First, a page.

House-plan books like those from Palliser & Palliser date back to the Victorian period; full construction drawings were offered, and sometimes also a millwork package. By the middle of the bungalow era, a host of companies offered pre-cut kits, which would be shipped by rail for on-site construction. Not only lumber but also everything down to the nuts and bolts, and even paint, were included. Leading sellers included Keith’s, Aladdin, Sears, Harris Brothers, Montgomery Ward, and Gordon–Van Tine.
From 1908 until 1940, Sears, Roebuck and Co. sold over 70,000 kit houses through their Modern Homes and Honor Bilt catalogs. Designs for 370 different plans ranged from the elaborate to the simple; the ‘Goldenrod’, for example, was a three-room vacation cottage (no bath, out-house separate).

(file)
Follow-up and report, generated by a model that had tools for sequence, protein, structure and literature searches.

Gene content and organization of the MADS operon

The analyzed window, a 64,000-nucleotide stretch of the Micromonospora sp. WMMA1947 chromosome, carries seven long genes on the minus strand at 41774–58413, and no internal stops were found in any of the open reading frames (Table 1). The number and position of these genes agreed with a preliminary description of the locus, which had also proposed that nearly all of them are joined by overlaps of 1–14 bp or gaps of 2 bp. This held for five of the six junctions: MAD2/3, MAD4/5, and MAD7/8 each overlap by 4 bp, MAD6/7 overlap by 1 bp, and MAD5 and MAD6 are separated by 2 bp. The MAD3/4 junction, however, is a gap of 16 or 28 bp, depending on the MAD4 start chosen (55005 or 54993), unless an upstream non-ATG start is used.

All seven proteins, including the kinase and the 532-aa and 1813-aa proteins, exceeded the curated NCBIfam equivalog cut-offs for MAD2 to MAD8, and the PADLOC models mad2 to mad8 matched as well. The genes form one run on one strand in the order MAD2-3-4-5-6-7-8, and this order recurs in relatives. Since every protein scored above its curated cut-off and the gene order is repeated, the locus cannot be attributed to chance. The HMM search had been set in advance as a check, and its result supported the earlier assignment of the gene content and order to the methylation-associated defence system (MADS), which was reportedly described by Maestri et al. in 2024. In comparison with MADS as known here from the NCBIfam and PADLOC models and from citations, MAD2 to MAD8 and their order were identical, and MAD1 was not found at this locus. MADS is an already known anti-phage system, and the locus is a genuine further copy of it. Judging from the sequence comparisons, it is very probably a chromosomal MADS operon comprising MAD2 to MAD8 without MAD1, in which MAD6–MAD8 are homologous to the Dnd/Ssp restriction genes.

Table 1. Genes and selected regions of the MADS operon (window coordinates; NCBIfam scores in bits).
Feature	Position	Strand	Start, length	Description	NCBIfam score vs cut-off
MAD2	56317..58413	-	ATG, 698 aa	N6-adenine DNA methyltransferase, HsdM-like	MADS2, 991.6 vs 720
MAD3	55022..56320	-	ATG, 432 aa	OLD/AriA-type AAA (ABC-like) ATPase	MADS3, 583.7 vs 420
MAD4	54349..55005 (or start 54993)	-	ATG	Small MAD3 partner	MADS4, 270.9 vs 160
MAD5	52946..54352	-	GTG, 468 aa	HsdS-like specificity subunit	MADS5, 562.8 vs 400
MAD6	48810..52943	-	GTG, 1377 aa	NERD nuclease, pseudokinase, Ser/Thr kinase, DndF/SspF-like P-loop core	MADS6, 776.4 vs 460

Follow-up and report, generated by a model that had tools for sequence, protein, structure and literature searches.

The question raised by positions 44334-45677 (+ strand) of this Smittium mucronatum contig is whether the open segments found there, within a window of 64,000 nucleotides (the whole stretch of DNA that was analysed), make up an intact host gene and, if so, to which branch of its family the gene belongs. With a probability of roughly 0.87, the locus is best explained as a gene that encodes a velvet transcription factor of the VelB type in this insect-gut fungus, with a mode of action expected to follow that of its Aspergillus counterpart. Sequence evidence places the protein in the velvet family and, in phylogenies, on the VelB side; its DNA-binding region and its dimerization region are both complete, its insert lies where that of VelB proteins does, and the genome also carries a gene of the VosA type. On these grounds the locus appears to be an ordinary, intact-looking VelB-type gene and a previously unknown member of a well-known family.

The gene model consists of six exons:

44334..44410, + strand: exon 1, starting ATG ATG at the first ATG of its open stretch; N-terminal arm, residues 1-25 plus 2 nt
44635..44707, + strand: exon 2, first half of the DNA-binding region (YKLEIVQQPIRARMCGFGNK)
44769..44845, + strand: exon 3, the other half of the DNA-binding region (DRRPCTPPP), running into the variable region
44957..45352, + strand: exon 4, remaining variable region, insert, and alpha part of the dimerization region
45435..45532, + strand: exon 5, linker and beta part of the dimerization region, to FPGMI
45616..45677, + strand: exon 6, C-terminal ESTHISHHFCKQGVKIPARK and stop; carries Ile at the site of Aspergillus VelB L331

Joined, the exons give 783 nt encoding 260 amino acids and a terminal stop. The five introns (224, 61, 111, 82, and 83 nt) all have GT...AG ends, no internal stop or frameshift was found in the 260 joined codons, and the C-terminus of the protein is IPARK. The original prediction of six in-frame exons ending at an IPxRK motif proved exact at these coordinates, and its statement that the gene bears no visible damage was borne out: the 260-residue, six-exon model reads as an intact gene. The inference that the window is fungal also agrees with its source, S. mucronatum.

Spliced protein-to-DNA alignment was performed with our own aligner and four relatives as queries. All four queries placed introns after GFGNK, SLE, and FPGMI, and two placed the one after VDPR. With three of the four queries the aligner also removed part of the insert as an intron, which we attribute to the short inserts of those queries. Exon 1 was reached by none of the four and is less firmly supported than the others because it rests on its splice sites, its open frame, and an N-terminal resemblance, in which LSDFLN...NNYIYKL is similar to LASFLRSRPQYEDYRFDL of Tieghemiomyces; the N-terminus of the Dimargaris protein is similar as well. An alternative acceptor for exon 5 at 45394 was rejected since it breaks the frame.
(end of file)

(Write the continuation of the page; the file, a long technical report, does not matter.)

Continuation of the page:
The Ohio bungalow restored by Sam and Kathleen (previous story) is the ‘Argyle’, a Sears bestseller with just 1,008 square feet but many nice features, inside and out. This particular design was marketed from 1915 until 1926. In 1915, the kit cost $785. By 1919, it was $1,479, and by 1923, it cost $2,349— still an exceptional value. Sears provided some customization (mirror-reverse plans, for example), a book-length instruction manual, and 10,000–30,000 pre-cut and -fitted framing members and elements. Plumbing, electrical, and heating equipment could be purchased separately, also from Sears.
The couple found out about their house from a neighbor, who stopped by one day when Sam was working in the garden. “You have a Sears kit house,” the man told his new neighbor. “It was called the ‘Argyle’.” Quite delighted, Kathleen and Sam went to their local library and found a copy of a 1919 Sears Homes catalog: indeed, there was the familiar house plan.